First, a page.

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11
22
2016

“Core Training” – What It Is and How to Progress It – Part II

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In Part I of this series we discussed the general importance of the trunk/core musculature to baseball and pitching and defined its role in throwing and training. We then detailed the first phase of training for the trunk within the training programs that I write and implement for amateur ballplayers, which was classified as “Basic Trunk Stability”.

In Part II of this series 3-part series we will go over my second phase for training the trunk, “Dynamic Stability”, and set the stage for Part III, which will touch on “Power/Speed” training for the trunk.

As stated in the previous installment, this series aims to be informative and practical, thus brief context and explanations are given for eact phase and categories of movement, while plenty of exercise examples are given and illustrated.

PHASE II – DYNAMIC TRUNK STABILITY

Overview: after basic and integrated strength and stability levels are established for the trunk/core, and postural alignment has been appreciated and learned (during Phase I) we can then take the next step in training the core: developing stability against varying resistances and through more dynamic patterns.

Goals:

  • Further enhance strength of the core musculature through multiple planes – sagittal, frontal, and transverse.
  • Learn to dynamically stabilize the spine through and against movement.
  • Learn to absorb and dissipate forces with the trunk

Duration: typically 8-12 weeks

The overarching theme of this phase is to take the trunk stability gaimed durging the initial phase of trunk stability training, and continue to develop it through more difficult exercise progressions – ones that take the form of more dynamic movement.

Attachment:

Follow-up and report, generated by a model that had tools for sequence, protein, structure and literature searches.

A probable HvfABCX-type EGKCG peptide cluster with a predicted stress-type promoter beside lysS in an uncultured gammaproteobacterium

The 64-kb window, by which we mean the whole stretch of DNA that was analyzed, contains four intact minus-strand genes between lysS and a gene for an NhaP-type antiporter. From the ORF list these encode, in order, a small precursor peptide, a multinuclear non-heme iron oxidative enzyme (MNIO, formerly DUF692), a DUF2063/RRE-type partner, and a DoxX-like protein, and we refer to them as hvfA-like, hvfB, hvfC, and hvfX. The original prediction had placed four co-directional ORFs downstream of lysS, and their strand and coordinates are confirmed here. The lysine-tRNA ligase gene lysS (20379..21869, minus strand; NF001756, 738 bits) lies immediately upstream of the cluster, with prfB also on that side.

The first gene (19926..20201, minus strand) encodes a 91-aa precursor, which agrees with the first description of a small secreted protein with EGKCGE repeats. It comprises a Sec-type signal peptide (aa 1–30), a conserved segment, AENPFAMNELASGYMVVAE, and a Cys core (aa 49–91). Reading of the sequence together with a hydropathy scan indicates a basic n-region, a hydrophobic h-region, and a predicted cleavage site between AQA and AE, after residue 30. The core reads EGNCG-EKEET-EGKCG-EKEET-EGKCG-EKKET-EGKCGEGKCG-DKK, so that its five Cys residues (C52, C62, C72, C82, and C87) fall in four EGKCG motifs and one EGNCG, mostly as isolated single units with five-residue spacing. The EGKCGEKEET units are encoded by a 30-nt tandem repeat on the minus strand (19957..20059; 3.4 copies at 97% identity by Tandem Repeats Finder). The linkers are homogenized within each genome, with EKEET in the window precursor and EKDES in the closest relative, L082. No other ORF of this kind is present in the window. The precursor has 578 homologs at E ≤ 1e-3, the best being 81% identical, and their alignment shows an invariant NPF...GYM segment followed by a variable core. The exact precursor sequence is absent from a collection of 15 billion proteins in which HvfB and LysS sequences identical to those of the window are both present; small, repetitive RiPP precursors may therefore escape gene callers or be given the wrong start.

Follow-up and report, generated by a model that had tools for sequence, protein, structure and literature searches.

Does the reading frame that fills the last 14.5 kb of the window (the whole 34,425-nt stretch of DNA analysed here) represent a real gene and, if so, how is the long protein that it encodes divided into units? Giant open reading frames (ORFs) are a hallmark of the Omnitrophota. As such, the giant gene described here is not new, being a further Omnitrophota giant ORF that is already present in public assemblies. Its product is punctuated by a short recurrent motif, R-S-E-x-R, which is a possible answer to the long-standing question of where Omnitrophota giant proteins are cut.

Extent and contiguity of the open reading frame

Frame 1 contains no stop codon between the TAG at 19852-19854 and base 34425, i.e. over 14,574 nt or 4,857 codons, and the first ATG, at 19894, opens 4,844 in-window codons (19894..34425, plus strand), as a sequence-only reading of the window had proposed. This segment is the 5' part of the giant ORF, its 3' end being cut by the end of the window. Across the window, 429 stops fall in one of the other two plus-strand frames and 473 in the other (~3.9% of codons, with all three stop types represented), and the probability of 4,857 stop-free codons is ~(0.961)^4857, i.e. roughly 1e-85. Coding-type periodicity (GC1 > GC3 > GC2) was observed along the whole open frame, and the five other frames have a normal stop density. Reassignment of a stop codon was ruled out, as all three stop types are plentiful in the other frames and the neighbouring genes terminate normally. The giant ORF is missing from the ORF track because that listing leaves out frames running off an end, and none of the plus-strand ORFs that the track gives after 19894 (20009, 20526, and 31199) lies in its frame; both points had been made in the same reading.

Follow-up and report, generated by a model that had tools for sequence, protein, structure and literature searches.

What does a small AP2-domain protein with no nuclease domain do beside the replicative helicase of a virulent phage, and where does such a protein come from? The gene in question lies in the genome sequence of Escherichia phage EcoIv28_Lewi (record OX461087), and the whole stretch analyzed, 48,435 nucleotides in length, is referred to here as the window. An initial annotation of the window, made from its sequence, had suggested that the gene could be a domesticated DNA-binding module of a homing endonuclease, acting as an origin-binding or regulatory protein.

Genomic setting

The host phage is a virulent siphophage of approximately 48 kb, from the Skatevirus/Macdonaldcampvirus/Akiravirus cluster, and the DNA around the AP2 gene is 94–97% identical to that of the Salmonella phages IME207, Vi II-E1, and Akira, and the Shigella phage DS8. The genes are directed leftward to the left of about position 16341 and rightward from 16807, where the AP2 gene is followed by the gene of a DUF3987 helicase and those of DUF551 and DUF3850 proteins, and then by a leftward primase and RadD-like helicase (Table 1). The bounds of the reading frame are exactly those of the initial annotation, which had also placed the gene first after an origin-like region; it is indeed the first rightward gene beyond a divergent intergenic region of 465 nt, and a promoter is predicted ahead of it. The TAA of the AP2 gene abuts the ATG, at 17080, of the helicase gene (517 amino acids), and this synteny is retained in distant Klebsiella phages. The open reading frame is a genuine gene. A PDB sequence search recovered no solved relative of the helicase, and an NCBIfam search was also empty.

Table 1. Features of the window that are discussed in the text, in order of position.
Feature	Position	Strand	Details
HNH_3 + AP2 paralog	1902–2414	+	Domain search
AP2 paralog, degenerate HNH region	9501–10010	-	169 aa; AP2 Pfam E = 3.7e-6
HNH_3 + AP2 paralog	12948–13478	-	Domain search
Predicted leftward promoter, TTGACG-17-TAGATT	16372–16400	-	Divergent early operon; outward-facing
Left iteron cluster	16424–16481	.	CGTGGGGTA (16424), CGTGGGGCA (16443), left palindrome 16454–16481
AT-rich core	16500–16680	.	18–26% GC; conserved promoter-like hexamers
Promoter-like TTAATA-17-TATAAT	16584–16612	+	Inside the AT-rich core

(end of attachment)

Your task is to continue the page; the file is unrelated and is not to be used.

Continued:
I personally break these exercises out into a few categories:

  1. Dynamic Anti-Extension
  2. Dynamic Anti-Rotation
  3. Force Absorption
  4. Movement-Based

The semantics of the categories are irrelevant – it is simply a way for me to categorize and organize exercises in order to ensure that we progress our training into dynamic stability in all three planes of motion.

Sample Exercises and Progressions:

1. Dynamic Anti-Extension

High or Low Plank Body Saw ->

img_6995

Barbell Rollout ->

img_7009

 

Partner Rhythmic Perturbation Planks ->

img_6999

Partner Random Perturbation Planks

img_7001

2. Dynamic Anti-Rotation

Banded Pallof Walkouts ->

img_6998

Banded Pallof Press w/ Rhythmic Perturbations ->

Banded Pallof Press w/ Random Perturbations and/or Eyes Closed

img_6996

3. Force Absorption 

Medicine Ball Scoop Catch (Stick) ->

img_7002

Medicine Ball Scoop Catch (Absorb) 

img_7003

4. Movement-Based

Farmers Carry -> 

img_7010

Briefcase Carry -> 

img_7011

Briefcase Carry w/ Bottoms-Up KB

img_7012

Contralateral Bear Crawl -> 

img_7013

Ipsilateral Bear Crawl ->

img_7014

Lateral Bear Crawl

img_7015

***

Overall, progressions generally move in the following directions:

  • From predictable to unpredictable/random movement
  • From more static to more dynamic
  • From rhythmic opposing forces to variable opposing forces
  • From contralateral (opposite limbs) or bilateral (both limbs) loading/movement to ipsilateral (same limb) or unilateral (one limb) loading/movement
  • From gradual force absorption to abrupt force absorption

Benchmarks: Overall, the athlete must show an understanding and proficiency in the aforementioned goals before progressing to the next phase. Generally, this takes roughly 8-12 weeks

***

In Part III of this series we will discuss the ultimate phase of trunk/core training in my programming, which we refer to as our power/speed phase.

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“Core Training” – What It Is and How to Progress It – Part III - Driveline Baseball

[…] Part II covered the next step in the trunk training progression – taking that newly developed trunk […]

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